Step 3: Choose your Avaya cloud
While a multi-tenant or public Avaya cloud works well for most organizations, your goals or inventory may reveal the need for a hybrid cloud solution, with one foot still firmly planted on premise.
If your client data must stay on site, you might consider an Avaya public cloud ACD that will integrate with your CRM database, which could remain on your private colocation.
If a key goal is lack of business disruption, you might consider a hybrid model wherein your existing Avaya infrastructure remains in place, and a cloud “wrapper” is implemented on top of it. Access to 100% end-to-end cloud recording would decrease liability, and you would still be able to keep your existing Avaya ACD. Once the current ACD ages out, a transition to an Avaya public cloud ACD could be implemented.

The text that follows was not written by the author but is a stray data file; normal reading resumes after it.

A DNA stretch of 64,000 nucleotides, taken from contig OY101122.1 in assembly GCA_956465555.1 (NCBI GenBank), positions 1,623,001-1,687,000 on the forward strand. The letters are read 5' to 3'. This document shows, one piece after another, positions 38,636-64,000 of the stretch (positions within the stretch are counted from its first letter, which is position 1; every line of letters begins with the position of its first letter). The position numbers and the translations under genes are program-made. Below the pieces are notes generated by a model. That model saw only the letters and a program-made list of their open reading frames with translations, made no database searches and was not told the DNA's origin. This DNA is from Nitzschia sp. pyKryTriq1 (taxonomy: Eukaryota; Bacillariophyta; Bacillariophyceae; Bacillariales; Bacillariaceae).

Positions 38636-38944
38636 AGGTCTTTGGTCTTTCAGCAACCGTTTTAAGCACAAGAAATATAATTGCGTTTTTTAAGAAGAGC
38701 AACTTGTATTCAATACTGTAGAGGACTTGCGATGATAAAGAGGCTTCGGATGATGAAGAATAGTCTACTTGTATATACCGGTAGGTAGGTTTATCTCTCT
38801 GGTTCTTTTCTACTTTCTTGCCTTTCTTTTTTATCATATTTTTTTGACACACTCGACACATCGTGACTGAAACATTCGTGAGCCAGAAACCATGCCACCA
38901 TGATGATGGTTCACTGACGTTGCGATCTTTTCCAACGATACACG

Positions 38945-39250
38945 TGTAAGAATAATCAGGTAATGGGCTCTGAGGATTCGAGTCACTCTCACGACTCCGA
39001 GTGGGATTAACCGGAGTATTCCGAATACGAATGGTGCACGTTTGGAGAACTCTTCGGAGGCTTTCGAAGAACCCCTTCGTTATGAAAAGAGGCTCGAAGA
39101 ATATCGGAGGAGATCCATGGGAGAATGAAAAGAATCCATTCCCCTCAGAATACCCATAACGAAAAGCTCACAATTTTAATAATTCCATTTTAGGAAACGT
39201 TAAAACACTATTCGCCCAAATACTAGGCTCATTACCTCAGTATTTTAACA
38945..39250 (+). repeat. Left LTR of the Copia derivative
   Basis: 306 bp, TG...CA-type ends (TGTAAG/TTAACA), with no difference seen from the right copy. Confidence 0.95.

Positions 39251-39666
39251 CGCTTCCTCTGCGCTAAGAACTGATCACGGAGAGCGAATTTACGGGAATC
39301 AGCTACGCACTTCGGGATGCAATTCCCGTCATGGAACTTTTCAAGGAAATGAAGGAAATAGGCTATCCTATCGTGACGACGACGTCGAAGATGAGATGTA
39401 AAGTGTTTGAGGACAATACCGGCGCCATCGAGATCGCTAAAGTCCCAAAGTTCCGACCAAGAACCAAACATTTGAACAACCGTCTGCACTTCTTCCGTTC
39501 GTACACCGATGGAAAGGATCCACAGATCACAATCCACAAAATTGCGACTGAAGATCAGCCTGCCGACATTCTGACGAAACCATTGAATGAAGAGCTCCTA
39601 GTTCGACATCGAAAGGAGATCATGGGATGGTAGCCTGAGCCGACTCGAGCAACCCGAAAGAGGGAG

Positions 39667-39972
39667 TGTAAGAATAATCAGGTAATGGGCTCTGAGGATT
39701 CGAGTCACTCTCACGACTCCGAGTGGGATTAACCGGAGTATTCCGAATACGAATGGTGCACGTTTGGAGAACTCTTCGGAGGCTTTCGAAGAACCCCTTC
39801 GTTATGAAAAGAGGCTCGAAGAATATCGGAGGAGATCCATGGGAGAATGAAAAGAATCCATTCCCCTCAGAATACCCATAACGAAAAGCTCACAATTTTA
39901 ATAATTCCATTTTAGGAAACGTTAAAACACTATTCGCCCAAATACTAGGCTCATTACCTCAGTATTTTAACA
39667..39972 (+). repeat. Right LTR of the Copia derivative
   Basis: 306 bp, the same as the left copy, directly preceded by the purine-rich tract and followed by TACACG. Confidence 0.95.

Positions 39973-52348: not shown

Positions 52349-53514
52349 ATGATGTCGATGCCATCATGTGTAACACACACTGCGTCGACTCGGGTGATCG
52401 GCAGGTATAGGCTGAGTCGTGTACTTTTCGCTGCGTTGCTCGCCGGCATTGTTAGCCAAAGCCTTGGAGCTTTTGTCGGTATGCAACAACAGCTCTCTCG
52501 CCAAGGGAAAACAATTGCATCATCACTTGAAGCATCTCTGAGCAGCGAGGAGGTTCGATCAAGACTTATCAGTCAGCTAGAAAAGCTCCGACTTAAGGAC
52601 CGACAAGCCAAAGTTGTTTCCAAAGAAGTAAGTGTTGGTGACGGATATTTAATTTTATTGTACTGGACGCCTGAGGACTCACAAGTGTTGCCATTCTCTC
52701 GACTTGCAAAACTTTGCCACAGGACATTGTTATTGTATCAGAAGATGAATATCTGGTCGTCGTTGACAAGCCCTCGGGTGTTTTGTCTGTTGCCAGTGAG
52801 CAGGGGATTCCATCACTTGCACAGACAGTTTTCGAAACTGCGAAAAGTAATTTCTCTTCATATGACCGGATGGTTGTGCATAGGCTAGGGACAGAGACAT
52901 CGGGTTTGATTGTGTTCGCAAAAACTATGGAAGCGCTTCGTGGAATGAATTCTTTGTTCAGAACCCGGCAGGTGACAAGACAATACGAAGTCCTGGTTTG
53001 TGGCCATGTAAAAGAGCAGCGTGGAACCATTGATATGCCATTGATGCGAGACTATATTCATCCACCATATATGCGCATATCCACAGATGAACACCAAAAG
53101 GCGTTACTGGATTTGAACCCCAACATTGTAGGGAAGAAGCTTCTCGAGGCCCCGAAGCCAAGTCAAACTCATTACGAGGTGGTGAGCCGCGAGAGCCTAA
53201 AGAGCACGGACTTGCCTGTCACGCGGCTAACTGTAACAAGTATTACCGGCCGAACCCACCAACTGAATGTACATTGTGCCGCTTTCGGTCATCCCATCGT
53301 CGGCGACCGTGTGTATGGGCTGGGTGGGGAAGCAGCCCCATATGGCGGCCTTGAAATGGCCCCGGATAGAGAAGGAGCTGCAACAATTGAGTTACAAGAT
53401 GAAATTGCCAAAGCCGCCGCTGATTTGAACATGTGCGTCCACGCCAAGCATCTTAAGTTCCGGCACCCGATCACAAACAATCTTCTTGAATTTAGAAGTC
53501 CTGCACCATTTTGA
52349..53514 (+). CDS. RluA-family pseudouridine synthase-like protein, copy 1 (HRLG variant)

For example, major outsourcer Arise Virtual Solutions had a customer requirement for Avaya but the need to be able to scale for thousands of new agents in a matter of weeks. Since the Spoken Avaya Contact Center as a Service public cloud offered more security than the premise-based solution, Arise opted to leverage the cost-efficient Spoken Avaya public cloud rather than a hybrid model. However, to prevent business disruption, a gradual transition plan was developed. Eighteen months later, 24 customers had been transitioned to the secure public cloud with no rollbacks.
Ultimately, the cloud decision for Avaya users is up to you: public, private or hybrid, the key is to meet your business goals with minimal disruption. Learn more about Spoken ConversationCenter for Avaya.